Friday, 10 May 2019 10:51

FSCS ‘explores’ compensation for LC&F mini-bond victims

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The Financial Services Compensation Scheme has today launched a registration scheme for victims of the £236m failed mini-bond provider London Capital & Finance (LCF) as it “explores possible grounds for compensation.”

The investor compensation body has asked investors affected by the collapse of the firm to register with it for updates as it looks into whether compensation should be paid.

The FSCS has been criticised for shutting the door initially to compensation claims on the grounds that LC&F clients were putting money into what the FSCS has referred to as ‘not transferable securities’ - rather than transferable securities which are protected by investor protection rules.

LCF went into administration in January with 14,000 bondholders owed a total of £236m. The Serious Fraud Office has made four arrests in connection with the collapse.

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The firm was ordered by the FCA in December to cease marketing activity in relation to its ISA and bonds. LC&F was the issuer of mini-bonds which it is believed were used to make loans to corporate borrowers to provide them with capital for mainly property investments.

The Financial Services Compensation Scheme (FSCS) today urged London Capital and Finance customers to register for updates via its website at

The FSCS says it is “keen” to ensure LCF customers are kept up to date as “we continue to explore whether there are grounds for compensation.” 

The FSCS is working closely with the FCA, administrators and external legal counsel, it says.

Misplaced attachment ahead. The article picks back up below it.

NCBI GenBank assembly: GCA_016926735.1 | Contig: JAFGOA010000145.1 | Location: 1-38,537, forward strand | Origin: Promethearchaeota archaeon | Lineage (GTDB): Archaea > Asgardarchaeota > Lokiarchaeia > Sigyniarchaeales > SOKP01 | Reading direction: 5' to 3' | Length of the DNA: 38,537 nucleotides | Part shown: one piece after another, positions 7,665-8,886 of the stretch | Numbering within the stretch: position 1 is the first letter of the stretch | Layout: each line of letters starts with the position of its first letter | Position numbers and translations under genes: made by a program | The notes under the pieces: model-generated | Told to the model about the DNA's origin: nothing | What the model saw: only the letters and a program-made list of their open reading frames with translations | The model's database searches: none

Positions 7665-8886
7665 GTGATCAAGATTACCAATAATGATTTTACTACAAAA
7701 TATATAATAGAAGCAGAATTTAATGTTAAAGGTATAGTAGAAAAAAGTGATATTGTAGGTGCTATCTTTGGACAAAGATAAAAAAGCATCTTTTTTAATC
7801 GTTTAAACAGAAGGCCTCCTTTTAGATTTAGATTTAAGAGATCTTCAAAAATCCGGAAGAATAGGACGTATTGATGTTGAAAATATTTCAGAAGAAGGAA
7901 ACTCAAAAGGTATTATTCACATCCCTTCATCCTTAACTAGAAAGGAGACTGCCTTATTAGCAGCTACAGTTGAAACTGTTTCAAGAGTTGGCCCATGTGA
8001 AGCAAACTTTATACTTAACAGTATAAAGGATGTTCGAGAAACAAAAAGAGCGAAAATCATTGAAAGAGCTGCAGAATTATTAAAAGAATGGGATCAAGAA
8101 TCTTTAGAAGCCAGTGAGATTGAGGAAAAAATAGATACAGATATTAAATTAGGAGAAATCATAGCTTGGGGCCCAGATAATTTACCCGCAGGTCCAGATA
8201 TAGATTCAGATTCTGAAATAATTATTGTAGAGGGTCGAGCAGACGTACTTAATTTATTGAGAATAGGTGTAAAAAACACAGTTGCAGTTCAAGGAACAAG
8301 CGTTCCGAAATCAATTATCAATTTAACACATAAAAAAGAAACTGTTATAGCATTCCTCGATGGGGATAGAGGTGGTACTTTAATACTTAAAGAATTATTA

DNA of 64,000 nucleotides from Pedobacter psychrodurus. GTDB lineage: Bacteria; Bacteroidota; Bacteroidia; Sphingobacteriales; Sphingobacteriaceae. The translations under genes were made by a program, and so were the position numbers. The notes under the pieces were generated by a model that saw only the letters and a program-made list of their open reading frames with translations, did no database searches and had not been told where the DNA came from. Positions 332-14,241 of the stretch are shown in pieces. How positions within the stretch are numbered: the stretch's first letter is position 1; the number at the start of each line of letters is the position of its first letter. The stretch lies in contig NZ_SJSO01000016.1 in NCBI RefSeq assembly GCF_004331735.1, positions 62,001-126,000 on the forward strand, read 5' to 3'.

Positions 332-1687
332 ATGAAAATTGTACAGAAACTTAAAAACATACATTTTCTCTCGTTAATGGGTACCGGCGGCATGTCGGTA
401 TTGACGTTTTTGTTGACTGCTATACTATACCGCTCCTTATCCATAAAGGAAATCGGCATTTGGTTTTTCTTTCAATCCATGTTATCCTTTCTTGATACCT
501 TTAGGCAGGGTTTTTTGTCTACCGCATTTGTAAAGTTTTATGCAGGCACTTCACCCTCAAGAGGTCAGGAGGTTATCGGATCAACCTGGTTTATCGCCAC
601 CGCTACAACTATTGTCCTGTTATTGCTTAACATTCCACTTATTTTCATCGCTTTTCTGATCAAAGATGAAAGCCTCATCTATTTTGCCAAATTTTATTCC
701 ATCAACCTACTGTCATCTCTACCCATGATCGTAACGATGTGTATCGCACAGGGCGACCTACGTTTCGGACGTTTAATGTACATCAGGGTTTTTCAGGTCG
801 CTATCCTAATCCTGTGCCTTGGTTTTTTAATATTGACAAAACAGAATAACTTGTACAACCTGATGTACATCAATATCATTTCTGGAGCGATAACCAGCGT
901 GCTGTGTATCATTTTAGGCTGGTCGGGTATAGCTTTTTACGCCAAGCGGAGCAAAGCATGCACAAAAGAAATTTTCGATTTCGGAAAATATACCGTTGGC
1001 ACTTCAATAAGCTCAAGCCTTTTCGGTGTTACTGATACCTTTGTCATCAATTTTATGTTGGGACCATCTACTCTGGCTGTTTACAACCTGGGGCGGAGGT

In a statement the FSCS added: “The promotional materials that we have reviewed stated that the LCF mini-bonds were not FSCS protected.

“However, after further analysis of LCF’s business practices, investment materials, and calls recorded with investors, FSCS is now investigating whether regulated activities were in fact carried out which might give rise to a claim.

“This work and our legal analysis supports our view that LCF’s core activity of issuing their mini-bonds in the UK is not protected but that there are further issues that need examining. We are now therefore focusing on whether there was any regulated advising, arranging or other activities which may trigger our compensation. We also need to better understand the nature of the relationship between LCF and Surge Financial Ltd.”

A spokesperson for FSCS said: “It is clear that LCF investors were badly let down so to help we want to be as transparent as possible over our process.

“By registering with us they will get regular updates on our investigation and this will be the best way for them to hear whether we believe there are grounds for compensation. This is a highly intricate case though, so we expect our investigation may take some time. We appreciate investors’ need for certainty so we can assure them that we are treating the case with the utmost urgency.” 

• Editor's Note: Story updated 12.45 pm to clarify that the FSCS's current stated understanding is that LC&F issued its own mini-bonds to investors on a "non-advised basis and that these mini-bonds were not transferable securities. This activity is not a regulated activity under the Regulated Activities Order and, therefore, is not FSCS-protected." 


Last modified on Friday, 10 May 2019 12:54
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